Kenya to outlaw homeschooling?

Saturday, November 24, 2012
Michael F. Haverluck (

Will Barack Obama support parental rights in nation of his heritage where he spent $23 million in taxpayer funds to abortion law?

KenyaKenyan parents' days of being able to educate their own children as they see fit may be coming to a close. In a last-minute desperation call, homeschool parents contacted the Virginia-based Home School Legal Defense Association for help to protect their age-old right.

And why could homeschooling soon be a thing of the past in the East African nation? The parliament in Kenya now contends that home instruction could be used by parents to hide abusive and negligent treatment of children from authorities.

Even though homeschooling is still in its early stages in Kenya with relatively small numbers, it has the backing of leaders from one of just a handful of coordinated home education groups on the continent of Africa ─ the East Africa Community of Homeschoolers (EACH). EACH serves some 200 homeschooling families around the Horn of Africa and believes that educating lawmakers about this fundamental right can make headway.

"There are so few of us that it is easy for the parliament to ignore us," says Thomas Mundia, who serves as a member of the East African board of homeschoolers. "There are some in parliament who are open to our ideas, but most are unfamiliar with the concept of home education."

Mundia asserts that if Kenyan lawmakers move forward and push legislation through with the guise of protecting children, parents could end up in jail.

"Kenya is drafting a new law after adopting a new constitution, and this law does not make a provision for home education," Mundia adds. "This puts Kenyan homeschoolers at risk of criminal prosecution."

And like an amendment that Irish voters just approved into their constitution this month that took away parental rights and gave them to their children and the government in the name of protecting children, the Kenyan government is looking to diminish parents' role in raising their children. Pro-family advocates are petitioning for help from abroad to maintain their authority over their homes.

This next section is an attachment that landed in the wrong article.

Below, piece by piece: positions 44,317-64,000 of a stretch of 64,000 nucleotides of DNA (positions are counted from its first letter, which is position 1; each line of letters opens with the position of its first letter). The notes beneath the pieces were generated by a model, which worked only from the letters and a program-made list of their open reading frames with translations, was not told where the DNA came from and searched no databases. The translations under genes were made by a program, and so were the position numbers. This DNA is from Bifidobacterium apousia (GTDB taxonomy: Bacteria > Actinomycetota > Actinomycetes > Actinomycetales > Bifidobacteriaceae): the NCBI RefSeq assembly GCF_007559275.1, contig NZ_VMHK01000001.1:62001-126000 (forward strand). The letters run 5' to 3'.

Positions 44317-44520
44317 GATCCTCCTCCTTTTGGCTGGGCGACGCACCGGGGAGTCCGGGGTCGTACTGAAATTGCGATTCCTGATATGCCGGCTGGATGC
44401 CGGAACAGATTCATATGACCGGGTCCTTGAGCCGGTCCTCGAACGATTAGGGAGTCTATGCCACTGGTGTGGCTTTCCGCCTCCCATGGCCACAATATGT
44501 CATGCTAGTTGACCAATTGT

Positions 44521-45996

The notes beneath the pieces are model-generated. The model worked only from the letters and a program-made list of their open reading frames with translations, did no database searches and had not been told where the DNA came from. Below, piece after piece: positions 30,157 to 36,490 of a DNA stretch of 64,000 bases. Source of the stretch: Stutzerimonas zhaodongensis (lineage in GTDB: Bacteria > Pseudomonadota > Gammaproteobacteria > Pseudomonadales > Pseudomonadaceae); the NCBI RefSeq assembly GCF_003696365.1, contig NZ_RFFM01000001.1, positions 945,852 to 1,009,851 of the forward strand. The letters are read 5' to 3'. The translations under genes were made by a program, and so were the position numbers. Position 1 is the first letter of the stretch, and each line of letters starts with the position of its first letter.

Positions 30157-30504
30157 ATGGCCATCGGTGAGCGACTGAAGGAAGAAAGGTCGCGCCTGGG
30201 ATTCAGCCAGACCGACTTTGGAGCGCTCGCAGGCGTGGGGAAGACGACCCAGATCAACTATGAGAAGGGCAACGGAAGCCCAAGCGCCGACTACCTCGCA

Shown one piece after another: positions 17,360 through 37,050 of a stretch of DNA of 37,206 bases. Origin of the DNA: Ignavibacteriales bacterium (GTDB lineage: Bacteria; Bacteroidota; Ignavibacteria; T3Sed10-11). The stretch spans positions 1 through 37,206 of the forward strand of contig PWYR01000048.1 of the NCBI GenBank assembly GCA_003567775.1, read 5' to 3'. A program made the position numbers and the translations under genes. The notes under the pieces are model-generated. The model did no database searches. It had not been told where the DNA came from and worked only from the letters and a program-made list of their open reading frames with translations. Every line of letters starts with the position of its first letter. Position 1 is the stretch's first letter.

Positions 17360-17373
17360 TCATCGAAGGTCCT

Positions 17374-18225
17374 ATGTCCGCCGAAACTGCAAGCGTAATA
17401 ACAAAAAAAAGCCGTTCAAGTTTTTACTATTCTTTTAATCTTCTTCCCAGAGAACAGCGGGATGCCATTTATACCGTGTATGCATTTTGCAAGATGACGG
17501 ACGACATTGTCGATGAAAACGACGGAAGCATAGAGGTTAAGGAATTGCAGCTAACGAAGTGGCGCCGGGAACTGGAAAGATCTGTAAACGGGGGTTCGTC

HSLDA, which fights for parents' rights to instruct their children without government interference, was the first choice that Kenyans turned to when battling the government for control of their children. Mundia believes that the organization's legal expertise in parental rights can stem the tide of governmental interference, adding: "I hope that intervention from our international homeschooling friends could help."

Writing up the rights

To counter this latest attack on homeschooling, EACH drafted the Basic Education Bill, 2012 [PDF], which outlines eight basic concerns to the parliament and calls for the observance of parents' rights in the instruction of their children.

But are these rights something that parents must ask for, or something that governments must grant?

According to HSLDA, parents should not have to vie for the right to make decisions about their children's education, stating that "homeschooling is a fundamental right and should be protected in the education legislation now being considered by parliament." The pro-family rights group is urging its members and other Americans to contact Kenya's minister of education, the Honorable Mutula Kilonzo ( and remind him of this basic right. HSLDA also calls homeschool supporters to reach members of Kenya's parliament and ask them to include home education in its new legislation.

The Purcellville, Virginia-based organization sends the reminder that parental rights are not just recognized on American shores; they are an inherent right that families should not be denied across the globe.

"This is essential because parents have a 'prior right' to choose the kind of education their children should receive," the HSLDA states. "This was recognized by Article 26(3) of the Universal Declaration of Human Rights and also the United States Supreme Court. While government may have an interest in the education of their citizens, it should protect this important right of parents to choose home education."

And the push for homeschooling rights continues around the globe.

Earlier this month in Germany, leaders at the first-ever global homeschooling conference presented the Berlin Declaration, which argues that homeschooling is an inherent and universal right possessed by each and every parent.

A call to Obama?

President Barack Obama, who has Kenyan heritage, has already shown a willingness to influence how that East African nation is run, having spent $23 million in taxpayer money to fund a campaign that worked to pass a constitutional referendum that legalized abortion in Kenya for the first time.

The U.S. president now can be urged to intercede on America's behalf and champion the rights of Kenyan parents to homeschool their own children. The email can also be used to encourage him to support the protection of these rights in the U.S. as well by removing the many obstacles and restrictions homeschoolers presently face across America.

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